Seattle has never been a great transit town.
We have one light rail line and a decent bus system that is always on the verge of a funding disaster.
Most people in Seattle who can afford a car own one, or two.
A suite of new, intelligent car-sharing and taxi services is changing that—not just in Seattle, but in cities nationwide and around the world.
For years, Seattle has had Zipcar, whose cars sit in designated parking spaces in the more urbanized parts of town.
You reserve a car in advance, and Zipcar charges by the hour, typically about $10/hour.
There’s a one-hour minimum, and you have to return the car to the space where you picked it up. In other words, it’s for round-trips only.
I like Zipcar, and my family has been a member since it debuted in Seattle. But Zipcar is more oriented toward “I need a car” than “I need to get somewhere.”
Once I had to transport a bunch of music equipment, and I reserved a Honda Element from Zipcar. It was much cheaper than renting a car, and held plenty of guitars and amps.
Similarly, a service called RelayRides lets you rent another person’s car by the day.
It’s cheaper and probably more convenient than traditional car rental, but with a one-day minimum, it’s not designed for a quick trip across town.
So I wanted to explore the new universe of easy riding, examining the services that allow you to take a one-way trip, often at a surprisingly cheap price.
They’re making it a lot easier to be carless in Seattle.
Car2Go offers a fleet of Smart Fortwo cars, those tiny two-seaters that are efficient, cramped, and easy to park.
You use your phone to find a nearby car, unlock it with your member card, and go.
You pay 41 cents per minute, plus tax, and can park the car at any legal curbside space with a 2-hour limit or greater.
It’s that last feature that makes Car2Go magic. You don’t have to return the car to the where you picked it up. Just park it, lock it, and forget it.
As Seattle Transit Blog put it, “Car2Go complements a transit-first lifestyle in ways ZipCar doesn’t.”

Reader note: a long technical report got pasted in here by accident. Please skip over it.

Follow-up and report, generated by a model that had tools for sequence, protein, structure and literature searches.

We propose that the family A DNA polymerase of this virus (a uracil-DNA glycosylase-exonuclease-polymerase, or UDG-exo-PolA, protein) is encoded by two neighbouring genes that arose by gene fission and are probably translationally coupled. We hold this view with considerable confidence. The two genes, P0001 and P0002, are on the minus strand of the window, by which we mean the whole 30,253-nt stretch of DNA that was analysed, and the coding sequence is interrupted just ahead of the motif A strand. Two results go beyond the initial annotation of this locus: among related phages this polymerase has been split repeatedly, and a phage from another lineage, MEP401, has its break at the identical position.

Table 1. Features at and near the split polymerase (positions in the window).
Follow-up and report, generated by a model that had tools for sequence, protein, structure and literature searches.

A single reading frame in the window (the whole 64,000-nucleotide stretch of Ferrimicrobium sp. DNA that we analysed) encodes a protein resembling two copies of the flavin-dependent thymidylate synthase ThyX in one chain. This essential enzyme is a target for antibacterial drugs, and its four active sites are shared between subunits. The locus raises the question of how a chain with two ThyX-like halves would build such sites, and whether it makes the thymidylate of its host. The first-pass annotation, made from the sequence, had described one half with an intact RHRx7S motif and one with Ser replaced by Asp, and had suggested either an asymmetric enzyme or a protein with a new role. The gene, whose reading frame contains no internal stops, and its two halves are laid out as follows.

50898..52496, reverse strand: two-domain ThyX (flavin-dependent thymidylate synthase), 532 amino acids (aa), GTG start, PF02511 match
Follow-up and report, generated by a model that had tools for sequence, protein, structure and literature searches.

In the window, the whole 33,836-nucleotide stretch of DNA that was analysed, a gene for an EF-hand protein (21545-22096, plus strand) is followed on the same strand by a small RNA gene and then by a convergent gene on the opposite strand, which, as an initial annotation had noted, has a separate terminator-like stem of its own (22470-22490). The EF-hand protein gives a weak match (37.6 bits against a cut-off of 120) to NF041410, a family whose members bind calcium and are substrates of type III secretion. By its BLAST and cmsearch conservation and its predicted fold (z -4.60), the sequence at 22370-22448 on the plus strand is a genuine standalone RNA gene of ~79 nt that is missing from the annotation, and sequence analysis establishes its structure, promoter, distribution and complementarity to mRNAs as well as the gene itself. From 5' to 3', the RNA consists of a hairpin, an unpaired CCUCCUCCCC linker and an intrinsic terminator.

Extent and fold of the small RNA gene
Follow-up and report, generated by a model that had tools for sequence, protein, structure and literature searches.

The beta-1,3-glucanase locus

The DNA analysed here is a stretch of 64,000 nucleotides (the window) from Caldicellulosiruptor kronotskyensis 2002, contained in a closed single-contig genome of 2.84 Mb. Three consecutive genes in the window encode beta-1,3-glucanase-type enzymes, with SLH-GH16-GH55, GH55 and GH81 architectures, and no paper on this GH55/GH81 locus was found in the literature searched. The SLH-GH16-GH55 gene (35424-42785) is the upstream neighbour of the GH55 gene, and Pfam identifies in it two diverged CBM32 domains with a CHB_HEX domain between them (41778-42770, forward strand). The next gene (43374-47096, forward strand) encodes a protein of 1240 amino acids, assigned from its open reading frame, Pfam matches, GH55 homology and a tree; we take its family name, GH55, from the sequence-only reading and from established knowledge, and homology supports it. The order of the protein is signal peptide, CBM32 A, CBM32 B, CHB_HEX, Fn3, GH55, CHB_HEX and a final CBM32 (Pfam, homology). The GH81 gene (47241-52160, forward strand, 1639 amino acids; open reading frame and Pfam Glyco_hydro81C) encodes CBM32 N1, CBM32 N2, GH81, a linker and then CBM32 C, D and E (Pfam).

As you might expect, Car2Go is cheap for short trips and expensive for long ones.
I priced out Car2Go trips from my house to three popular destinations in the Seattle area, using Google Maps’s estimates of travel time.
Northgate Mall (6.3 miles, 15 minutes). Usually a quick trip on Interstate 5. $6.15.
Queen Anne (2.6 miles, 20 minutes). Not far from me, but often brutal traffic. $8.20.
Federal Way (23.6 miles, 33 minutes). I can’t resist the H Mart Korean supermarket. $13.53.
There’s a catch, though. You can’t end a Car2Go trip in a mall parking lot or outside the city of Seattle.
So you’re still on the clock while parked at Northgate or Federal Way. Zipcar would probably be better for those trips.
Lyft, Sidecar, and UberX
These apps all work the same way. You use the app to summon a car, with driver, and tell them where to take you.
It’s like a taxi, but the overall experience is far superior to a yellow cab, and generally no more expensive.
There’s no curbside hailing, and no exchange of cash or plastic: you’re billed through the app.
Tipping is optional and not particularly encouraged.
I love these services. The drivers are friendly and professional, and the cars are clean and modern.
You never have to wonder how long until your car arrives, because the app shows you exactly where your driver is and their estimated arrival time.
Lyft and UberX have the same pricing model: a $1 drop fee, a per-mile and per-minute charge, and an overall minimum trip charge ($5 for Lyft, $6 for UberX).
Sidecar guarantees a price at the beginning of the trip, so even if you get stuck in traffic, you won’t pay extra. However, in my experience, Sidecar is a little more expensive on average.
If you download any of these apps, download them all.
They typically offer generous first-ride discounts and referral bonuses: get a friend to try one, and you get a coupon.
Here are the estimated prices for my three trips:
|Northgate||Queen Anne||Federal Way|
Prices may be different in your city or at another time of day, of course.
(Incidentally, if you own a recent-model car, you might be able to make extra cash by becoming a driver for one or more of these services.)
Hey, that sounds expensive
It does, doesn’t it? Fifty-five bucks for a one-way trip to the Palace of Kimchi?
All of these services seem expensive until you compare them to the price and hassle of owning a car.
The price of an Car2Go or Lyft trip includes gas, insurance, maintenance, depreciation, and license fees. And you don’t have to pay to park it.
Obviously, you wouldn’t use any of these services for a daily commute or a weekend camping trip.
But I’ve done the math on the total cost of car ownership, and these rates are highly competitive.
You’d have to drive a Car2Go fifteen hours a month to surpass the cost of a modest used car.
And part of the technology involved in all of these services is behind-the-scenes work to make sure a car is always nearby when you need one.
Furthermore, these ride services integrate well with other ways of getting around town, like foot, bus, and bike.
And Seattle is getting a bike-sharing system this fall, joining dozens of other cities around the world. Just one more way to get around town while letting someone else worry about breakdowns.